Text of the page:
High blood pressure is a potent trigger for hypertensive heart diseases including cardiac hypertrophy (enlargement of the heart), arrhythmias (cause of sudden cardiac death), and heart failure. However, the cellular and molecular mechanisms linking hypertension to heart diseases remain unclear. Our recent studies identify a possible molecular link. In an animal model for human hypertension and heart disease, we found that the calcium (Ca2+) signal increases just as hypertension develops, long before hypertrophy occurs. This increase in the Ca2+ signal is important because it can explain how the heart is able to contract more forcefully to maintain cardiac output in the face of increasing blood pressure. An increase of the Ca2+ signal may also couple into the Ca2+- calmodulin signaling system to affect a variety of downstream signaling pathways including Ca2+-calmodulin dependent protein kinases (CaMKII), calcineurin, and mitogen-activated protein kinases. Activation of these molecules has been shown to lead to cardiac hypertrophy and heart failure. Like an increased Ca2+ signal, cardiac hypertrophy serves as a mechanism to maintain cardiac output as blood pressure increases. We investigate the link between hypertension and remodeling of the Ca2+ signaling system that affect cardiac function and heart disease development. Our current NIH funded project is to test the potential of using CaMKII inhibitor as a new therapeutic strategy to treat hypertension-induced heart diseases.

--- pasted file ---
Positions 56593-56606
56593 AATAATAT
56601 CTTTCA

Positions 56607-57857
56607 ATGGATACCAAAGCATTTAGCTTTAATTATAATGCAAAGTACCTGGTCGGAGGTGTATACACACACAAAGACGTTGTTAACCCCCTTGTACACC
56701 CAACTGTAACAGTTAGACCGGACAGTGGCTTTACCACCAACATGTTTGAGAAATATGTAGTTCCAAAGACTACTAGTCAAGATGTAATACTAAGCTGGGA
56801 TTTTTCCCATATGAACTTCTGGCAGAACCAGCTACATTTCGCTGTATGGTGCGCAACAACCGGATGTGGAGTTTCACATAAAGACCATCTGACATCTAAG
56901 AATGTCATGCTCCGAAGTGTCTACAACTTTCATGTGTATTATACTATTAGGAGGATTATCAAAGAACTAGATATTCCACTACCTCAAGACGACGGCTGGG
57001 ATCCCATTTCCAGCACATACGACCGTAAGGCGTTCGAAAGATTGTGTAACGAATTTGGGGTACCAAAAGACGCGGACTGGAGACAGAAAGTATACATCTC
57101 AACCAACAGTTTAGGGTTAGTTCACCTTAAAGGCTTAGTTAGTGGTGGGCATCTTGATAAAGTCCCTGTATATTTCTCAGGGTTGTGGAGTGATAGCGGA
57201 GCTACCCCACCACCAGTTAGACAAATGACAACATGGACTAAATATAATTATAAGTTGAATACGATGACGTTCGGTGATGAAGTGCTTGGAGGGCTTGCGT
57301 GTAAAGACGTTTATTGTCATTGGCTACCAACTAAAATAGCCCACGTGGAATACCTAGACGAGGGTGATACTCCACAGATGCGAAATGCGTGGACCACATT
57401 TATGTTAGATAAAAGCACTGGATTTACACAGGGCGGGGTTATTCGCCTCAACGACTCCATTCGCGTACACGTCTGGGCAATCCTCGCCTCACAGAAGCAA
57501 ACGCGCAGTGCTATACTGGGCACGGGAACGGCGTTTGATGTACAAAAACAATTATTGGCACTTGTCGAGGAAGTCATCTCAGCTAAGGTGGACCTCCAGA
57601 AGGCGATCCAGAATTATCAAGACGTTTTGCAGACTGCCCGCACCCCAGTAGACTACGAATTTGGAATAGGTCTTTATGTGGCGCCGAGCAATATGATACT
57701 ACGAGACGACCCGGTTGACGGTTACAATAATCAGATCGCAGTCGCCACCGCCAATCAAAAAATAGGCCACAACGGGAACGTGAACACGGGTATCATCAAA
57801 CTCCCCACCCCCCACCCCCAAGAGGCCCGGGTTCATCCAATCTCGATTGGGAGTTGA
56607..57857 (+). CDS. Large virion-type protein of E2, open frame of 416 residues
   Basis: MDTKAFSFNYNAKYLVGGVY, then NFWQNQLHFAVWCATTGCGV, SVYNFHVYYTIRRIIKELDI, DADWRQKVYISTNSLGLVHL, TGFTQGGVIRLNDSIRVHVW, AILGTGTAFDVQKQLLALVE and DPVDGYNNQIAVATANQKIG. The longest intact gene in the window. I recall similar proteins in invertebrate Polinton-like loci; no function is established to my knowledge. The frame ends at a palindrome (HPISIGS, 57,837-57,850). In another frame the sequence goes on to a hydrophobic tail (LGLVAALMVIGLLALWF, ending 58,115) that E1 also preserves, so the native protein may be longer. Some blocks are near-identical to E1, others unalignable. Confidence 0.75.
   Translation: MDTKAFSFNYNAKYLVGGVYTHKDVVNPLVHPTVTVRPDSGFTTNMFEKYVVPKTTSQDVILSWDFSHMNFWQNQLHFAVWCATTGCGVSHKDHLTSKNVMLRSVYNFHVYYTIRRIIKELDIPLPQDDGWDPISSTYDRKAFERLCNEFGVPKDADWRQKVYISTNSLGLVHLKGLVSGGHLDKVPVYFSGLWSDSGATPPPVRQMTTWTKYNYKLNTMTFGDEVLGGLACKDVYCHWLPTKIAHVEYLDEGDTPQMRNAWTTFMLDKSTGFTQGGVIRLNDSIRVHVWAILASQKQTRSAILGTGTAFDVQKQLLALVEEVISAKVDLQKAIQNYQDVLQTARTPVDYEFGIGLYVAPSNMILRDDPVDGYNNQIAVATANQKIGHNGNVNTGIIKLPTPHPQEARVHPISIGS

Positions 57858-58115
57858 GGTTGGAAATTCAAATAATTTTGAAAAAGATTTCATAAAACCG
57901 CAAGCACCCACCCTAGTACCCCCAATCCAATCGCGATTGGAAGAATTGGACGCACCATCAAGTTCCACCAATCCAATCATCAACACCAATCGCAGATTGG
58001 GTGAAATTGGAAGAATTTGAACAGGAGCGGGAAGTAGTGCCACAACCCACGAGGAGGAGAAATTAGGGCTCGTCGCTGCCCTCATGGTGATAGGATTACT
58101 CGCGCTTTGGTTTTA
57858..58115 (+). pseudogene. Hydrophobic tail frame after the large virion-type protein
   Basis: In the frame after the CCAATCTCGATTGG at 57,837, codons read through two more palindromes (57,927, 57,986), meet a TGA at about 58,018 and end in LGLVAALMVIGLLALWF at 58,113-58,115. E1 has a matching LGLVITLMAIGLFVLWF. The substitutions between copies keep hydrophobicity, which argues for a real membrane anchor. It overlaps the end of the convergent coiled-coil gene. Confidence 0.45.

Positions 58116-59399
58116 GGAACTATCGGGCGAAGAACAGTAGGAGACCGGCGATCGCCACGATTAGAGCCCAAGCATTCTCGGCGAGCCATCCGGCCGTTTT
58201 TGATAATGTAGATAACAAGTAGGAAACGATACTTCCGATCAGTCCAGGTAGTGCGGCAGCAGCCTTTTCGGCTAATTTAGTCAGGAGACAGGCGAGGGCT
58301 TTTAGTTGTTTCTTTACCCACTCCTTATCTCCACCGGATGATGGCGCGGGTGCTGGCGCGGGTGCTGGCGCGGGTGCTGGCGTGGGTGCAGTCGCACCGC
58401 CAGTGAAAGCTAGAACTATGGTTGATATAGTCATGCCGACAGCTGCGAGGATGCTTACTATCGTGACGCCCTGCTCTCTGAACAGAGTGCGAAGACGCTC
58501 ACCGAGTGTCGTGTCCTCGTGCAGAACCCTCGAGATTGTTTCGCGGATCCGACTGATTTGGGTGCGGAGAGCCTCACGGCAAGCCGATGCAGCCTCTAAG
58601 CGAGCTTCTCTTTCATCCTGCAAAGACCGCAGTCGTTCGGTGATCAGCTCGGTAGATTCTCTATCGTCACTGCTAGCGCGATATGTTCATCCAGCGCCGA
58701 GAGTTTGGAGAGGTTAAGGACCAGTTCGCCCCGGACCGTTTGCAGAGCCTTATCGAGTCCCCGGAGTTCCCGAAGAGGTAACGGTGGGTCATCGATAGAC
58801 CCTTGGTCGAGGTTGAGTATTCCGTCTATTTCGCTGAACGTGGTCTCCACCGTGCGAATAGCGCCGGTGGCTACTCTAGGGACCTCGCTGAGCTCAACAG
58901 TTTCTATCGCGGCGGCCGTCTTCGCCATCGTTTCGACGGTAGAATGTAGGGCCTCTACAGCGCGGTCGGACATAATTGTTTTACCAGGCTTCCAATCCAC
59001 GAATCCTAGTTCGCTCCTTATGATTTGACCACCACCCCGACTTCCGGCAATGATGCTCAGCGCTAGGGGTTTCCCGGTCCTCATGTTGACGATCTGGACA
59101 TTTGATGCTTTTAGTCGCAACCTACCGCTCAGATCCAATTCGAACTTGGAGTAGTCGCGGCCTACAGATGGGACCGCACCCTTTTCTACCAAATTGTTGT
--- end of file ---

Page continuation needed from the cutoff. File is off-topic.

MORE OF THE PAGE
This is our first step towards a long-term goal to identify the cellular and molecular mechanisms responsible for the induction of hypertensive heart disease, and to develop new therapies for preventing and mitigating the heart disease development.